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"Listening" by Rev. Andrew Warner, Plymouth Church UCC - March 3, 2019

posted Mar 4, 2019, 10:56 AM by Plymouth Church UCC

Just before the Academy Awards - and all the awards going to Greenbook - comedians Amber Ruffin and Seth Meyer released a spoof, a trailer for a movie called, “White Savior.”  If we had projection screens in the sanctuary, I’d be showing it now. But, instead, I’ll describe it. The trailer opens with a narrator saying in all seriousness, “This Spring, see the story of a black woman who became a world-renowned scientist, an accomplished cellist, and an activist, and a man who was white while she did it.”

From that opening, the trailer goes on to reference many of the recent films depicting African-American history, ones which tell of black struggles and white heroes.  The narrator extols the new film, saying at one point, “PEOPLE magazine says, ‘This movie is a triumph.’ And the black person it’s based on says, ‘This is not at all how it happened.'”

In one scene of the trailer, the narrator explains that the movie includes one cartoonishly racist white man so that other racist people can watch it and say, “well at least I’m not that racist.”  But, to offer hope to all white people, the narrator assures us that the black person becomes friends with the racist. When the racist “accepts” her, Amber Ruffin’s character replies, “Thanks Earl.  For some reason, earning your respect is something I’m interested in.”

Watching Amber Ruffin and Seth Meyer spoof so many recent films made me laugh; and made me see how often our society falls into the white savior trope.  The Seth Meyer White Savior character never really listened to Amber Ruffin in their scenes: at one point she stands at a blackboard filled with complicated math equations, Seth Meyer looks on as she completes the problem and compliments her on her ability, “You should get a job in [math].”  Amber responds, “I have one.” “You do? Where?” “Here. I’m your boss.” Laughing at this spoof while praying about our scriptures also made new connections for me between the work to decolonize our minds and the practice of listening, between the work for a just world for all the act of listening to one another.

The Transfiguration story comes across as a dramatic show.  According to Luke, Jesus’ face changed - we can only imagine how - and his clothes became dazzling white.  Now I’ve watched enough musical theater to know what it means when the lights change and cloths start to sparkle.  Song and dance time. On cue, two backup singers show up with Jesus: Moses and Elijah, basically celebrity cameos in the Jesus show.   As the song reached a high point, Peter stumbled in with an awkward comment that brought everything to a screeching halt. In eerie silence the fog machine pumped out a thick cloud as everyone looked away from Peter.  The director yelled from backstage, “Jesus is my star. Listen to him!”

I know the Church Universal is debating homosexuality, but it doesn’t take much to gay up the gospel.  But however we imagine the scene, I want us to pay attention to that closing line of God, “This is my son, my Chosen; listen to him!”

That line most stands out to me in the story: “Listen to him.”  At previous times in my spiritual journey, I heard that command as connected to Jesus’ divinity - God telling the disciples - and by extension us - to listen to Jesus because of his holiness.  That message still exists in this story. But over the years, life caused me to find another message in the text: the call to listen to Jesus as a person and, by extension, for us to listen to other people too.  What might change in our lives if we listened as a holy practice?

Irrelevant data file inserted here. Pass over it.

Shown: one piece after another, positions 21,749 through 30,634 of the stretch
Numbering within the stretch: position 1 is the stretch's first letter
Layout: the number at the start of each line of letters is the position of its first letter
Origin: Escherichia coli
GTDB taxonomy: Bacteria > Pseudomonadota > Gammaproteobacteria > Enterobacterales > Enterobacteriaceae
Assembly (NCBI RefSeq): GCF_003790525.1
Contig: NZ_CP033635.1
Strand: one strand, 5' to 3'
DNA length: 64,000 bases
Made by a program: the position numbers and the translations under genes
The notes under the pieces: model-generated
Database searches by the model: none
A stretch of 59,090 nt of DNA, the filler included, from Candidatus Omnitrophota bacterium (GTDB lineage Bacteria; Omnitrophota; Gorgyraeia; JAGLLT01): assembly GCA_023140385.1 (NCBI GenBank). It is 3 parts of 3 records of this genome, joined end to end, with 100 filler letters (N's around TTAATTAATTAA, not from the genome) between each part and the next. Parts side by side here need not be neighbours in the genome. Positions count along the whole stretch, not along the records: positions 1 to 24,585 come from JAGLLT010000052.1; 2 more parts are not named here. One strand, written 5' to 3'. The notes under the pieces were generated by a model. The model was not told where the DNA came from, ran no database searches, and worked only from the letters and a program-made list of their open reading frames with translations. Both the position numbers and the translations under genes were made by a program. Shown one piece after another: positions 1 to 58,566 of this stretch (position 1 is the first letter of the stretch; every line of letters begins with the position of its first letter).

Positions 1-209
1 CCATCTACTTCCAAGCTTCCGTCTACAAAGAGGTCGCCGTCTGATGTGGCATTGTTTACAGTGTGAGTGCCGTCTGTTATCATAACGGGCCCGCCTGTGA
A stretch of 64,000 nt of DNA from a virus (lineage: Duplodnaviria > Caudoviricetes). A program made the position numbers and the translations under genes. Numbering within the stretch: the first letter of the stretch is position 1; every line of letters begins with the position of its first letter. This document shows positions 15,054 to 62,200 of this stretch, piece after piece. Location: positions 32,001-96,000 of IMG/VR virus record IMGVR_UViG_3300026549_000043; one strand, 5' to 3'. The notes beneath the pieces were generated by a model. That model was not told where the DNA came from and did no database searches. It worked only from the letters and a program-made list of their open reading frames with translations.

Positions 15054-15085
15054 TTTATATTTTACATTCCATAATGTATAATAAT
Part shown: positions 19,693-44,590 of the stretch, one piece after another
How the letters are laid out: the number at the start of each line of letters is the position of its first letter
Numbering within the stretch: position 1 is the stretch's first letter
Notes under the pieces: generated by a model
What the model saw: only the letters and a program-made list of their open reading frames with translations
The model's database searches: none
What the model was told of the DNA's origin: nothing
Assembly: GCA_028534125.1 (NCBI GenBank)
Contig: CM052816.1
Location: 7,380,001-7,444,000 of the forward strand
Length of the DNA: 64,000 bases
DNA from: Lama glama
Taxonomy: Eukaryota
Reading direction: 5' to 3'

The call to listen becomes painfully necessary because, of course, the disciples did everything but listen.  The Gospels often portray Peter as the overeager disciple who didn’t quite get it; the Peter who saw Jesus walk on water so he jumped overboard and tried it himself.  And often his bumbling comment about making three structures, booths, gets lumped into Peter’s awkward eagerness.

But I see it as something else.  Jesus stood talking with Moses and Elijah.  Instead of listening, Peter interrupted. And what did he interrupt?  Jesus speaking about his upcoming death - his “departure” as the text delicately puts it.

Just before the scene of the Transfiguration, Jesus tried to talk about his impending death to the disciples.  (It didn’t take divine powers of prediction to guess that his rabble-rousing group proclaiming release to the captives and justice to the poor would end up in trouble with the authorities.)  As Jesus spoke his mind that time, naming his fears of suffering and death, Peter also interrupted, took him aside, saying, “God forbid it, Lord! This must never happen to you.”

Peter couldn’t listen to Jesus talk about his death.  And so, whenever the conversation turned to this, Peter interrupted.  He couldn’t listen to Jesus’ pain. One time, Peter interrupted by telling Jesus not to talk that way.  At the Transfiguration, he interrupted with an off-topic solution to a problem no one faced.

Peter tried to silence Jesus’ pain.  Which makes the imperative voice from heaven even more clear: “Listen to him!”

Of course, James and John didn’t do any better.  The sons of thunder - as they were known - didn’t rumble when Jesus spoke.  But did they listen to what he said? Their silence may seem like listening, but after the Transfiguration, down the mountain, word spread among the disciples that Jesus would die.  And what did they do? Start arguing among themselves about who would take charge next, casting lots for his mantle of leadership.